Some Supreme Court prospects have extensive corporate holdings, including shares in Fortune 500 companies such as General Electric and Microsoft and stock in a manufacturer that recalled lead-paint-coated "Flush & Sounds Potty" toilet seats.
Since businesses often land in court, a case involving a company in which a justice has financial ties could be trouble. If chosen for the high court, some potential nominees might have to step aside from certain cases or unload stocks to avoid ethical conflicts between their official duties and personal financial interests.
Among stocks held by people mentioned as President Barack Obama's possible picks to succeed retiring Justice David Souter:
- Appellate Judges Diane Wood and Kim Wardlaw have reported they have stakes in Whole Foods Market Inc. The upscale grocer won permission from a federal appeals court in Washington in 2007 to buy rival organic grocer Wild Oats Markets despite the Federal Trade Commission's argument that the deal would stifle competition. To settle the commission's claims, Whole Foods agreed this year to sell several stores.
- At least five Supreme Court prospects have disclosed stock in Zimmer Holdings Inc., a maker of artificial hips and knees that was investigated by federal prosecutors over allegations it paid doctors who used the products. Charges were dropped after Zimmer agreed to pay a fine and undergo monitoring.
- Wardlaw's holdings have included shares in Microsoft Corp., the software giant targeted by a Clinton administration antitrust lawsuit; Tyco International Ltd., whose former chief executive and chief financial officer were sentenced to prison for grand larceny, conspiracy, securities fraud and falsifying business records; and Time Warner Inc., General Electric Co. and The Walt Disney Co., whose Hollywood studios are suing RealNetworks Inc. over its DVD-copying software.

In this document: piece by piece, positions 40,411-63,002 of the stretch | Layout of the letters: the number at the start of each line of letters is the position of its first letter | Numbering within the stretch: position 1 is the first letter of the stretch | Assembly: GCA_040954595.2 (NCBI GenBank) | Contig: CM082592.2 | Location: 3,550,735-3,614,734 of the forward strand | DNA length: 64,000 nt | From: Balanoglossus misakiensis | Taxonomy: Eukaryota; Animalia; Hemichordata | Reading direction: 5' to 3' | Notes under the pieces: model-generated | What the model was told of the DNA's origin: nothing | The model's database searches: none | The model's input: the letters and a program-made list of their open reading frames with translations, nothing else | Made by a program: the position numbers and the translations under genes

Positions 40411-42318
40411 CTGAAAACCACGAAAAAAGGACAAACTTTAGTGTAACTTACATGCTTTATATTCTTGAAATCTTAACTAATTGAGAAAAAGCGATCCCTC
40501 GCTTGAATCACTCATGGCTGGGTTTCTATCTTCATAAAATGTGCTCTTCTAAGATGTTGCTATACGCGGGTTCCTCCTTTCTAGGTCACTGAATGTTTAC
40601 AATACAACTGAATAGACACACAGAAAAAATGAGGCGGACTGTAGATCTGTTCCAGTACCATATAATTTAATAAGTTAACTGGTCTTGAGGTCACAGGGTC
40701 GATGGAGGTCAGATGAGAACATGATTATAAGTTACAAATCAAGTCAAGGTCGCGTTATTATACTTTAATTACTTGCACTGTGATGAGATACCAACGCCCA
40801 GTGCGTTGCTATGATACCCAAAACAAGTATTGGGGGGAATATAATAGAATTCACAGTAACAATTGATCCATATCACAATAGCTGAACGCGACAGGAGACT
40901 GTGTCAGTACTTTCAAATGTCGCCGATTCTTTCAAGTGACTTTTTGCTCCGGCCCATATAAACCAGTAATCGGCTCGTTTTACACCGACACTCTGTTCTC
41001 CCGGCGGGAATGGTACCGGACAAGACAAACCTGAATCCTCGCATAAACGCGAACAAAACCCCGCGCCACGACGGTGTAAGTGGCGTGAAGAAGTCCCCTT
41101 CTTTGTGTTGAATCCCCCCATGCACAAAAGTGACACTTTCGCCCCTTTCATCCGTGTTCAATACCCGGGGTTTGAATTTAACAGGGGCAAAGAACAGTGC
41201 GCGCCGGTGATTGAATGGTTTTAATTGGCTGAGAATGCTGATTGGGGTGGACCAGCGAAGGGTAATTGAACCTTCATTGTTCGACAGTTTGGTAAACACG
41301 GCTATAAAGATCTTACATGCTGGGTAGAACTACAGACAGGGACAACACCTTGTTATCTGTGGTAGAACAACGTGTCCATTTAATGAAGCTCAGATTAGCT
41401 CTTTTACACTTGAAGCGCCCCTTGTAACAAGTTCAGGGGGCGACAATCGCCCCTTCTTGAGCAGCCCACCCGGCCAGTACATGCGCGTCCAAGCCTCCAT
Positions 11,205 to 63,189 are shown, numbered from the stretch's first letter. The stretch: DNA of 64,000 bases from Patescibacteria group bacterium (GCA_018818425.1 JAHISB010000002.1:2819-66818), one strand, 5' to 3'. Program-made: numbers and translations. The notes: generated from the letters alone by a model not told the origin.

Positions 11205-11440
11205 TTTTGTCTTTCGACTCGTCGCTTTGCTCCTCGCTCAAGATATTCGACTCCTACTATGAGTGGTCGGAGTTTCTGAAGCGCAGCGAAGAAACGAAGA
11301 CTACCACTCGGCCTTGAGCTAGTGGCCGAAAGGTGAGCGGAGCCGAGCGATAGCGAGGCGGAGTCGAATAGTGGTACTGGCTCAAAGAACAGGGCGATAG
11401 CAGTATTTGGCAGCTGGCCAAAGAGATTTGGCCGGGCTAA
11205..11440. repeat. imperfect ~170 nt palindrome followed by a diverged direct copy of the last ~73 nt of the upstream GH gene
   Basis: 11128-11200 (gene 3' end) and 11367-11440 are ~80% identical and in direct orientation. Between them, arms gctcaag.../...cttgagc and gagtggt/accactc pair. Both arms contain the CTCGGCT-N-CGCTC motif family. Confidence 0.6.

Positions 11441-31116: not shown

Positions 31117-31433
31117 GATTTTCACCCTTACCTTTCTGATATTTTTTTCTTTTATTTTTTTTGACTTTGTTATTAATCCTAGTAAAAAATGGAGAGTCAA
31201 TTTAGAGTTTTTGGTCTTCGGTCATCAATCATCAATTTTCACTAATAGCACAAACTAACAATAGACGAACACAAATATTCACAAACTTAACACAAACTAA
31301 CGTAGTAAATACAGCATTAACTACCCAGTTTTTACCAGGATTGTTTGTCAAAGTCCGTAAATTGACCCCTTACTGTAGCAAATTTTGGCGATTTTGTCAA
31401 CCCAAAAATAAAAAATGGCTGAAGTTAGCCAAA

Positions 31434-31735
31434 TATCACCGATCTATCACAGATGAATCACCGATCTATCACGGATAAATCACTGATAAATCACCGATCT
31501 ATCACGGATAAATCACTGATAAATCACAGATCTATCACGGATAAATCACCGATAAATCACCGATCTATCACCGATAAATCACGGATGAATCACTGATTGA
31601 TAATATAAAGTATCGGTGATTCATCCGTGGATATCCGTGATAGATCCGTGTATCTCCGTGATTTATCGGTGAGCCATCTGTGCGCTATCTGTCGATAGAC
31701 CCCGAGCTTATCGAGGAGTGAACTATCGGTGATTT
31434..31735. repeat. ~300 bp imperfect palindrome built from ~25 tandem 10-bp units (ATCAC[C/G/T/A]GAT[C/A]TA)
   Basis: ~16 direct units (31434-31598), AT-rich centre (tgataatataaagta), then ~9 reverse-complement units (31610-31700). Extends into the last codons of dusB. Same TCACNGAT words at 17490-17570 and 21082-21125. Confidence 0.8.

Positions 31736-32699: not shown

Federal judges generally are supposed to avoid taking part in any proceeding in which they have a financial stake, regardless of how small. In some cases, they may take part if they get rid of the stock in question. Stocks held by mutual funds or common investment funds don't
pose conflicts unless the judge takes part in fund management.
Past court conflicts
It's not a new problem. Over 24 years, former Justice Sandra Day O'Connor stepped away from more than 700 decisions in which she had potential financial conflicts. Many others on the court with substantial wealth have opted for blind trusts, mutual funds or other investment vehicles with fewer dangers of conflict.
Just last year, three justices' stock holdings and the job of another justice's son prevented the court from hearing a case that accused dozens of businesses of violating international law by assisting South Africa's former apartheid government. The companies and the Bush administration wanted the court to intervene. Because four of the nine justices sat out, the court's only option was to uphold an appeals court ruling that let the lawsuit proceed.
Three of the judges could have taken part in the case if they had sold the investments in question. A 2006 law lets federal judges sell shares of stock and put the money into mutual funds and other investments without immediately having to pay capital gains tax.
Several of those considered in contention for a Supreme Court seat have substantial assets.